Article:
Processed foods could raise the risk of autoimmune diseases: Study

By: Emily Lunardo | Health News | Wednesday, January 06, 2016 - 01:40 PM

Processed foods could raise the risk of autoimmune diseases: Study

A recent study suggests that eating processed foods could compromise your intestine and increase your risk for autoimmune diseases. An autoimmune disease occurs when the immune system attacks turns on the body and attacks the healthy cells in the body, mistaking them for foreign invaders. This can destroy body tissue and lead to functional and structural abnormalities in the organs. There are more than 100 types of autoimmune disorders but the more common ones are multiple sclerosis, type 1 diabetes, and celiac disease.

Most people think that any food that is not a raw agricultural commodity can be classified as a processed food. That is true. But according to the USFDA (United States Food and Drug Administration), even the raw foods that have been subjected to processing, such as freezing, cooking, canning, dehydration or milling, come under processed foods.

This broadens the field substantially and most of the stuff we eat on a daily basis – cheese, breakfast cereals, canned fruits and vegetables, bread, savory snacks and meats such as bacon and sausages, fall into the ‘processed’ category and as such are guilty of increasing our risk of autoimmune disorders.

The general rule of thumb is that any food that has a nutrition label has been processed. However all food processing is not bad. Some of it is beneficial too. Milk, for example, needs to be pasteurized (a form of processing) to remove any harmful bacteria.

While the consumption of processed foods was previously linked to heart disease, weight gain, and even certain forms of cancer, this recent study brings autoimmune diseases into mix.

The rise in both the prevalence of autoimmune diseases and consumption of processed foods in recent years founded the basis of the study. The objective of the study was to determine whether this is just a coincidence, or whether a link exists between the two.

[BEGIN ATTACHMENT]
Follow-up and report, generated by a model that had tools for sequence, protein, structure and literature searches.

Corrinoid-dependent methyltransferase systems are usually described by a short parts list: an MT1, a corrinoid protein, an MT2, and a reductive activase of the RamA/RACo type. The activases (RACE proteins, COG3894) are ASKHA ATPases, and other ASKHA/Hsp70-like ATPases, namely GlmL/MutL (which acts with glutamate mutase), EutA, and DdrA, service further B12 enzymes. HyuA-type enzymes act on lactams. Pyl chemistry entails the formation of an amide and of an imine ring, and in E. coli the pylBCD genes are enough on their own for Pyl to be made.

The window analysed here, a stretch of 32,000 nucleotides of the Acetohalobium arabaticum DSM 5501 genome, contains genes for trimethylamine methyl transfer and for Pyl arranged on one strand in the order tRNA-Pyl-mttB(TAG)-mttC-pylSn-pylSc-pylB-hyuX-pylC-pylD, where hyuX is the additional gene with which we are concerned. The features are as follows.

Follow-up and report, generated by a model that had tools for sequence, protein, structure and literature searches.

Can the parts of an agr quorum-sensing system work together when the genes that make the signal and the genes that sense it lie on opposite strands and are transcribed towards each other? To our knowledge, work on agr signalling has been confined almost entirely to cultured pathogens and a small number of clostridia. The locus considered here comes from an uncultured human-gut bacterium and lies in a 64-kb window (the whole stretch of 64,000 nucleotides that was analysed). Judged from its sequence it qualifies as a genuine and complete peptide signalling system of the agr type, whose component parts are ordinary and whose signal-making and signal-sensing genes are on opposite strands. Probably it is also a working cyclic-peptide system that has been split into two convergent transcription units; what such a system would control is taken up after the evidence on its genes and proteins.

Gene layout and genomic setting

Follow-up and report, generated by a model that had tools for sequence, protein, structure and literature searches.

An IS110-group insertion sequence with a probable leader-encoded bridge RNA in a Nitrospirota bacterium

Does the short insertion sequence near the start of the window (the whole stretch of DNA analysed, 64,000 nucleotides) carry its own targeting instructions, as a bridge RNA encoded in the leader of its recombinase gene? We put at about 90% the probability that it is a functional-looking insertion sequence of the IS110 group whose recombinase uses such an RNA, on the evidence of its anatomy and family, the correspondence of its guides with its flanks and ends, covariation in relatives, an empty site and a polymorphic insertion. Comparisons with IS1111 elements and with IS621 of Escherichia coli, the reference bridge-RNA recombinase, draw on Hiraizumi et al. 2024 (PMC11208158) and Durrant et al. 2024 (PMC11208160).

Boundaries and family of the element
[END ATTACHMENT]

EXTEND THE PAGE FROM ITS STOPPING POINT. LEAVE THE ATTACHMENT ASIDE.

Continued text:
Specifically, the researchers tried to pin-point the relationship between certain additives in processed, and how these additives affect the intestines and lead to the development of autoimmune diseases.

Spearheaded by Prof. Aaron Lerner, of the Technion-Israel Institute of Technology in Haifa, Israel, and Dr. Torsten Matthias, of the Aesku-Kipp Institute in Germany, the team has identified at least seven food additives that may weaken the intestines resistance to toxins.

These include sodium, glucose, fat solvents, gluten, nanometric particles, organic acids, and microbial transglutaminase (an enzyme used as a food protein “glue”)

The full details of the study can be gathered from the journal Autoimmunity Reviews.

Based on their findings, the researchers are quite convinced that consumption of processed foods could increase the risk for autoimmune diseases. The problem is that the food additive market is not highly regulated, and therefore the researchers cannot pin them down.

The team hopes this study will pave the way for similar studies in the future and increase awareness about the dangers inherent in industrial food additives, and raise awareness about the need for control over them.

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